Harmful decisions like the abrupt relocation of Civic Center Campus classes show the urgent need for return of our elected Board of Trustees. On Friday, January 16th our faculty, students and community marched from Civic Center campus to City Hall in protest of Chancellor Tyler’s abrupt relocation of our Civic Center faculty and hundreds of our immigrant and low-income students in the Tenderloin district. We have yet to see any evidence that holding classes at CCSF Civic Center Campus poses any life safety issues. And CCSF’s elected Board of Trustees has not been able to oversee these decisions affecting students and the community at large. Join us tomorrow for a teach-in just prior to the CCSF Board of Trustees meeting. Then attend public comment and ask key questions about administrations ill-advised decisions.
CCSF Board of Trustees Meeting
Teach-in and Public Comment
Thurs. January 22nd, gather at 3:45
Ocean Campus, MUB 140
We call on faculty, students, and the community to join us in learning about—and challenging!—the skewed priorities of administration’s upside-down decisions. We demand an empowered Board of Trustees and a democratic, open, decision-making process here at CCSF!
Today State Superior Court Judge Curtis Karnow issued a ruling in the case of “The People vs. the ACCJC.”Testimony heard in the weeklong trial of “The People vs. the ACCJC” presented strong evidence that the ACCJC engaged in unlawful practices in pursuit of closing our City College of San Francisco. Judge Karnow found that the ACCJC violated the law in 2013 when it moved to disaccredit our college and that the ACCJC is “liable for violations of the Unfair Competition Law, specifically the law’s ban on unlawful business practices.” Though there is much analysis yet to be done of Karnow’s ruling it is now clear that this rogue agency has violated the law! Read Judge Karnow’s full tentative decision in “The People vs. the ACCJC.”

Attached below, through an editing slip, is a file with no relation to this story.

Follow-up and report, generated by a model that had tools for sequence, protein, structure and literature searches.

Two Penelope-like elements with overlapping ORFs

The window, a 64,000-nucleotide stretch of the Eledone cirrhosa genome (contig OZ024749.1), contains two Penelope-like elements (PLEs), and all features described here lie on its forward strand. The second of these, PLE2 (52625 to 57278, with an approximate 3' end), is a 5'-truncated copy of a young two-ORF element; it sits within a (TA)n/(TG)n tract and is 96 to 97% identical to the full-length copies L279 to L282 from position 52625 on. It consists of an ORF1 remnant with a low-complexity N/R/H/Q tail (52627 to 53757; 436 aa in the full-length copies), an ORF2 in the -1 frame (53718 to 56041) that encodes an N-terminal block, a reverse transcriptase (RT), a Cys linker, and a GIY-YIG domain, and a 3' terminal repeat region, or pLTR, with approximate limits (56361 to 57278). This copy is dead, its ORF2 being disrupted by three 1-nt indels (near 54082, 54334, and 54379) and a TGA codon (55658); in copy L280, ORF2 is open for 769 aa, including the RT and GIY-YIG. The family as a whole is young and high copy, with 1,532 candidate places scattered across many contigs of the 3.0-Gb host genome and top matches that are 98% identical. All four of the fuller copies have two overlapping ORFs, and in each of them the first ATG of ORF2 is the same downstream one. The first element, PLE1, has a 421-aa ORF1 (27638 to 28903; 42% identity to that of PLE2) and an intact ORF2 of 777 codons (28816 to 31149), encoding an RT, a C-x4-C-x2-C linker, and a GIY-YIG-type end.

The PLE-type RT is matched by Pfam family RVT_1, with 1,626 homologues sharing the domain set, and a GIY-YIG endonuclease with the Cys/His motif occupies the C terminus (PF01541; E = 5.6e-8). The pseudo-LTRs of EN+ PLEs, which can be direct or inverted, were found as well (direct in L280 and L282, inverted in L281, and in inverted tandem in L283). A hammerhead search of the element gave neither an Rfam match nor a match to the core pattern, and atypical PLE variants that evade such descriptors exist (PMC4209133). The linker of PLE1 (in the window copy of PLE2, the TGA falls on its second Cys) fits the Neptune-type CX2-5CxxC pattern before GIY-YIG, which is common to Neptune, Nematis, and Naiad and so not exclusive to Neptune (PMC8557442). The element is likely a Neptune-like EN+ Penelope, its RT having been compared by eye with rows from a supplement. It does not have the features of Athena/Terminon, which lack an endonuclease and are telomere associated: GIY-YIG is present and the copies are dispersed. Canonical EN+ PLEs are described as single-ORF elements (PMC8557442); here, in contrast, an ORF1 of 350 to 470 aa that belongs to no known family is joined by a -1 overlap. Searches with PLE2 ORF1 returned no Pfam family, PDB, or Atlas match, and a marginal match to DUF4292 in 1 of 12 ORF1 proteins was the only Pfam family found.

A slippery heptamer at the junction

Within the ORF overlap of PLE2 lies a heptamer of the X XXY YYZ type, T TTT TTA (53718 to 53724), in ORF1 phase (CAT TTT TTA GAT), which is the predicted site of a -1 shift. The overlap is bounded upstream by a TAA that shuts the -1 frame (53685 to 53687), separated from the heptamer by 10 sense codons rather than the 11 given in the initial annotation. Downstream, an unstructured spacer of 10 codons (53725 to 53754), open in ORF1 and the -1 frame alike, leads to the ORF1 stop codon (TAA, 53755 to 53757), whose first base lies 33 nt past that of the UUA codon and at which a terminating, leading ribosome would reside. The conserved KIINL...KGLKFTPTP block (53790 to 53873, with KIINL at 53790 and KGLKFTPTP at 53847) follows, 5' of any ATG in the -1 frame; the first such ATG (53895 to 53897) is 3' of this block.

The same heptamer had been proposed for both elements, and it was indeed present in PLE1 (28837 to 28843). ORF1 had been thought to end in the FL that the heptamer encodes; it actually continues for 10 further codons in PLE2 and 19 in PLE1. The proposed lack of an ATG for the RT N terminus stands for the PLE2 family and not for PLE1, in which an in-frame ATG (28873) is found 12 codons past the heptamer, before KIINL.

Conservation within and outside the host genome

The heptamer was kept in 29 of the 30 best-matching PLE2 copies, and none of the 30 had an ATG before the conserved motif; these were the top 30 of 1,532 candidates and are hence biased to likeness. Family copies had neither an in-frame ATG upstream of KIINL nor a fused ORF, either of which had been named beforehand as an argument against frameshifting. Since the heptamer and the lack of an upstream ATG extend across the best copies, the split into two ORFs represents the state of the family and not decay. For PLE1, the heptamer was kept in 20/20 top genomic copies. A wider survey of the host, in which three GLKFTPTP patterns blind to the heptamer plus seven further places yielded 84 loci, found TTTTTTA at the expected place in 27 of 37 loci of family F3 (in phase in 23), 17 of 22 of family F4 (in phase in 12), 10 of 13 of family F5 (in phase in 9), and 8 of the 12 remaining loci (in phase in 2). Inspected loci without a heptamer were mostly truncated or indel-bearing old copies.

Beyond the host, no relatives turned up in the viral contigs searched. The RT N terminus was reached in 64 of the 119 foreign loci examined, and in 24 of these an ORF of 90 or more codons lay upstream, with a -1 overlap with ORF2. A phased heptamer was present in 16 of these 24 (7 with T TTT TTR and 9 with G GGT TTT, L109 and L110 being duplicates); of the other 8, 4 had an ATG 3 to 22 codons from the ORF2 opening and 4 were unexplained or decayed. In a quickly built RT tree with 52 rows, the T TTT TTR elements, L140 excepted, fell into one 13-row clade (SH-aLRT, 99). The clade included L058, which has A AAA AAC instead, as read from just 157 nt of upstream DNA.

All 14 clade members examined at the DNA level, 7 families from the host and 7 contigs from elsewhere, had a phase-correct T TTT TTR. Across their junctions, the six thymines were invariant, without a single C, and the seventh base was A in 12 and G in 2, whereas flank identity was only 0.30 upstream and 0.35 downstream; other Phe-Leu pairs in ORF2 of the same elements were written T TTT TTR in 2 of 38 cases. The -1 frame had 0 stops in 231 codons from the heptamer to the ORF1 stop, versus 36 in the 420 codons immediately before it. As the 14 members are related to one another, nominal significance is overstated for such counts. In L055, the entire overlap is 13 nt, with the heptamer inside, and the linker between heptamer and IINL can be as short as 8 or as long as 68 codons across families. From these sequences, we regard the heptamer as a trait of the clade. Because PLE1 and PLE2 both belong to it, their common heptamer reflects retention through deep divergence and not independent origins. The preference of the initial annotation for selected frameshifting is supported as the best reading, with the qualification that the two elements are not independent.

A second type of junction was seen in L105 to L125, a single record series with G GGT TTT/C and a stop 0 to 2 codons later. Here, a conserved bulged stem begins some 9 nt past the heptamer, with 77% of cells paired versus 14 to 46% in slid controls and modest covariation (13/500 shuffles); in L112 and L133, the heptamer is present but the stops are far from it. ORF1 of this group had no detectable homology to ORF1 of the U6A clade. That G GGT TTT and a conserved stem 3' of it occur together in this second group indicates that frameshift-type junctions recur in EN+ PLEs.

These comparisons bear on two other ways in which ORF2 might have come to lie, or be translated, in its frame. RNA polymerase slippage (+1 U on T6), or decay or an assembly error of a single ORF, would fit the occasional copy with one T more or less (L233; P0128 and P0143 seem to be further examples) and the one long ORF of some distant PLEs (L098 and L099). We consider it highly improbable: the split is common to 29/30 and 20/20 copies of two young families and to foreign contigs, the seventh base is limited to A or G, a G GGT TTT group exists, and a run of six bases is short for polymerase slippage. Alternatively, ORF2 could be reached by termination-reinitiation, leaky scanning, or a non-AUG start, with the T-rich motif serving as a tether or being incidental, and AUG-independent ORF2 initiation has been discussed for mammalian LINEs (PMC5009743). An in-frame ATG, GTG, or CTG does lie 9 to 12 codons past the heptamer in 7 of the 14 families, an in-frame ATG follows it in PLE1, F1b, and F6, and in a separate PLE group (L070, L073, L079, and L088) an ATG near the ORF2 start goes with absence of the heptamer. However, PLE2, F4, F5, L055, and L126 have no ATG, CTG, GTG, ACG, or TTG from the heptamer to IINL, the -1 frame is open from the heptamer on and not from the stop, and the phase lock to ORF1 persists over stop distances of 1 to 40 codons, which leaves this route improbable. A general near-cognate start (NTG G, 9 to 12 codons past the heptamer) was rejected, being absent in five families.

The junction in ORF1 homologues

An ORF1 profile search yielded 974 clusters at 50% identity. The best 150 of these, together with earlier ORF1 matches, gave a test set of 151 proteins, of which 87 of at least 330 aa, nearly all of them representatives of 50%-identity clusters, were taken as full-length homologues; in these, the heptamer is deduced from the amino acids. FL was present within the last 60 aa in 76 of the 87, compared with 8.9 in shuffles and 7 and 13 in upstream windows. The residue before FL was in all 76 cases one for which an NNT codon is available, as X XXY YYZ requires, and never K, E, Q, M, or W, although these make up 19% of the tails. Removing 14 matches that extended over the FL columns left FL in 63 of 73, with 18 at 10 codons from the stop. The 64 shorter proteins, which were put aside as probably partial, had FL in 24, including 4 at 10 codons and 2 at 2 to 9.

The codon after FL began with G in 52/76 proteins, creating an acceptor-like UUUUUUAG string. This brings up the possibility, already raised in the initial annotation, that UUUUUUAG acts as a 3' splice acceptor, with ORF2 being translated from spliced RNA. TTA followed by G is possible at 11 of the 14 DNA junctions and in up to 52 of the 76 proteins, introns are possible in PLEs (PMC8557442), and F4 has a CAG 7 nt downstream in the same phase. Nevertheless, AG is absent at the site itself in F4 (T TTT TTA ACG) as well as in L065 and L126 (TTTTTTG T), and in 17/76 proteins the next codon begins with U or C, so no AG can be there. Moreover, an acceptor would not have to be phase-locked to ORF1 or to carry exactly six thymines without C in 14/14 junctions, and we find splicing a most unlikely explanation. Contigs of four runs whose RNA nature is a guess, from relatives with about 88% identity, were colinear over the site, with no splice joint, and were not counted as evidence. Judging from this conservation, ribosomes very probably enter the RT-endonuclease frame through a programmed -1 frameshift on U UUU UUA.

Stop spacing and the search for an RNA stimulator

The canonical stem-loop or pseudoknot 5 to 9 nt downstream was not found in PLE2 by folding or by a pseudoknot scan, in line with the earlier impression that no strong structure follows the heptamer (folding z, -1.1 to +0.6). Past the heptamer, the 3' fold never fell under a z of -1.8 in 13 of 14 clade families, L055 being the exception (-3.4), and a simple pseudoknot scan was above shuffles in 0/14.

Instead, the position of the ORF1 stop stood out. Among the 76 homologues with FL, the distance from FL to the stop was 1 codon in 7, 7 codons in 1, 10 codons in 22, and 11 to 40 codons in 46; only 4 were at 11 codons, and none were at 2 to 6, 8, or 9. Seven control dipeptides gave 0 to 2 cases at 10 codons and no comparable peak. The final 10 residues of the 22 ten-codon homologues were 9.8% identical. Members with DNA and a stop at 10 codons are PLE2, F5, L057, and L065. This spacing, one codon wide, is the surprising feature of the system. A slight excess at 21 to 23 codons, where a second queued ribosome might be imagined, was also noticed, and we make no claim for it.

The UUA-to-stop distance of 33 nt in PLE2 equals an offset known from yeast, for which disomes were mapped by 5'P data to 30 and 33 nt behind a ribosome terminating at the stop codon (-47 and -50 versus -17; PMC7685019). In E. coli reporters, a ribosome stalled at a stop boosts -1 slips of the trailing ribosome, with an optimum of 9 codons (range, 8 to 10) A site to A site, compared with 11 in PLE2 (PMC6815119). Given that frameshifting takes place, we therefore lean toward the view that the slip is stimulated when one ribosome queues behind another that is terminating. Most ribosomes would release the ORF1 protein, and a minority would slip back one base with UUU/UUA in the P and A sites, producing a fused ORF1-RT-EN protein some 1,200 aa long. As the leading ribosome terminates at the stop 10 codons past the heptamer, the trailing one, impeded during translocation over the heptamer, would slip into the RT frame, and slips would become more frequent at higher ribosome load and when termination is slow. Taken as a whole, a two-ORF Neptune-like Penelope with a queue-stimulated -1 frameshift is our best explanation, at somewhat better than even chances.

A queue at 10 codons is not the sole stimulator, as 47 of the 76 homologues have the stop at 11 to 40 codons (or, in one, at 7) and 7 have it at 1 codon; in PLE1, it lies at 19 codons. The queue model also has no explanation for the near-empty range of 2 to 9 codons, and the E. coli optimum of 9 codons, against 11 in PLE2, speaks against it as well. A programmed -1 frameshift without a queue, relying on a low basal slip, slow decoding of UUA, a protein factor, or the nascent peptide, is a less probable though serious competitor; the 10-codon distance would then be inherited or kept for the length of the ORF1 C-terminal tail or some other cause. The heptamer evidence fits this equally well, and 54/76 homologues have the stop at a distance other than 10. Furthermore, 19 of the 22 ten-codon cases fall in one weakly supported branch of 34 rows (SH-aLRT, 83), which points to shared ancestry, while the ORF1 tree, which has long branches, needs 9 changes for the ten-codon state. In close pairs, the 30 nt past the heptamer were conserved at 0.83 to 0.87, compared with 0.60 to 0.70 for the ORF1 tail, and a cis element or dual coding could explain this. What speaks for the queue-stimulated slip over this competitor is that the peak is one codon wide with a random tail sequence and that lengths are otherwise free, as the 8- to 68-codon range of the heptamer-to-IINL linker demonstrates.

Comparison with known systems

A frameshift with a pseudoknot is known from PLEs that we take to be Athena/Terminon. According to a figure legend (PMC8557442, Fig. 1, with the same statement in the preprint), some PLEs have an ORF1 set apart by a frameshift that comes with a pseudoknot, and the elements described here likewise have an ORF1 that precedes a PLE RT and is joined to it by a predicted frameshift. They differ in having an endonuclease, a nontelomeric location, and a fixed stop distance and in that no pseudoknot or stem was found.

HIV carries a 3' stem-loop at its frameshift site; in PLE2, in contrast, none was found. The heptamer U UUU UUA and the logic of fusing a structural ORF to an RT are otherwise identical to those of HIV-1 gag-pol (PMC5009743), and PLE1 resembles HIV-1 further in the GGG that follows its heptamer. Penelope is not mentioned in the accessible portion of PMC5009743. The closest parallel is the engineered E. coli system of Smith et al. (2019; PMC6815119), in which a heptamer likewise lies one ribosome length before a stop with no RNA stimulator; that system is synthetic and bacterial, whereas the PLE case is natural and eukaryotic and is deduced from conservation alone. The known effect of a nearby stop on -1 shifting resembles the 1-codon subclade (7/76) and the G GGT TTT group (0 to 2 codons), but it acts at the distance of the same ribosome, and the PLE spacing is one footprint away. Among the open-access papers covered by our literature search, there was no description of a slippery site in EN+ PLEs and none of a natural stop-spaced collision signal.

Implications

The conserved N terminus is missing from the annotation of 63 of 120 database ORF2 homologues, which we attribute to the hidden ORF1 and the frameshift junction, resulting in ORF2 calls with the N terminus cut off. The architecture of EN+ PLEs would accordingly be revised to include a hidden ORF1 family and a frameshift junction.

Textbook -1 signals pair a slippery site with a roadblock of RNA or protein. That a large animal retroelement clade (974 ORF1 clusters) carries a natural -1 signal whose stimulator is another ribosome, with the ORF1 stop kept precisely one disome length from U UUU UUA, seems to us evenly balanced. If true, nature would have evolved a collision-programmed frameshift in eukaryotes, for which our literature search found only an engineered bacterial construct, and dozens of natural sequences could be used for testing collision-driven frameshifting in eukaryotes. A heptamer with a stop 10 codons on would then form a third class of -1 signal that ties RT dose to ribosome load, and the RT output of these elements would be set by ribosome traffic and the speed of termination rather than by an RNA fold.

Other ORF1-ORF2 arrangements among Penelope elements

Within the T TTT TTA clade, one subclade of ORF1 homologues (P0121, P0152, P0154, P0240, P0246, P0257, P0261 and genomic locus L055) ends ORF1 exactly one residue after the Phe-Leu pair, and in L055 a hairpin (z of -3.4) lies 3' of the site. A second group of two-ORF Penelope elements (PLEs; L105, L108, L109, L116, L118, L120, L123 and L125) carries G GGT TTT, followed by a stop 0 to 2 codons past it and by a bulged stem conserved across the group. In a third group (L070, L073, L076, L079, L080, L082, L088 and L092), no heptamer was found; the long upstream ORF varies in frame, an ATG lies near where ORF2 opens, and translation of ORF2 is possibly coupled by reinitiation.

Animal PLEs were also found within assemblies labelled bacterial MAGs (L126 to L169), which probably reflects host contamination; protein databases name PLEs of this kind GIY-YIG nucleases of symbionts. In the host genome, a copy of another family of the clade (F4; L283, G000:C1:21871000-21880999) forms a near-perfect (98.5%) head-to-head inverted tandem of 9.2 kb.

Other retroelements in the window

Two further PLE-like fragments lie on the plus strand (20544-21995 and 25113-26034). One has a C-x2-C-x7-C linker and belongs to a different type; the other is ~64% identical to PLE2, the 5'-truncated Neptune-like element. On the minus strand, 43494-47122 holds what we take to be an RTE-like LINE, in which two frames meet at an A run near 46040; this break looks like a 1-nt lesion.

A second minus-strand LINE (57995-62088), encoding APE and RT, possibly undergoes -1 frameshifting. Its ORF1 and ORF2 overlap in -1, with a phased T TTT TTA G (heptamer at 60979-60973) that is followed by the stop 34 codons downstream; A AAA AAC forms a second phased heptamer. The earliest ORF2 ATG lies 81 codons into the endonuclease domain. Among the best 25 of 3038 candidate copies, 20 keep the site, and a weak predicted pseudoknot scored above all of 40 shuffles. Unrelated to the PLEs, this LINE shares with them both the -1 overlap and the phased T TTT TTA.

We must continue the work to move forward with essential next steps in the struggle against the ACCJC. We call for the California State legislature to fix our broken accreditation system, for the Department of Education to reign in this unfair accreditor, and for the California Community Colleges Board of Governors to return democracy and local control to our college by immediately reinstating our elected CCSF Board of Trustees. Please join our court decision rapid response action! Read the CFT statement on today’s ruling.
Court Decision Rapid Response!
Rally with us: Tuesday, January 20th at 5pm
Ocean Ave. in front of the CCSF Wellness Center
Wear yellow and red for public ed!
We have yet to see any evidence that holding classes at CCSF Civic Center Campus poses any life safety issues. Yet, three days before classes were set to begin CCSF Chancellor Tyler abruptly informed faculty that their campus was not seismically sound and they could not teach their classes on Monday, the first day of the spring semester. The sudden closure of Civic Center campus probably would not have happened if we had an empowered Board of Trustees and a democratic, open, decision-making process here at CCSF. Please join us for a rally and press conference outside of the CCSF Civic Center campus and then a march to the steps of City Hall for an English as a second language citizenship lesson.
Friday, January 16th: Return Democracy to CCSF!
Rally: CCSF Civic Center Campus (750 Eddy) at 12:30pm
March: to City Hall (1 Dr Carlton B Goodlett Place) at 1pm
RSVP and Invite on Facebook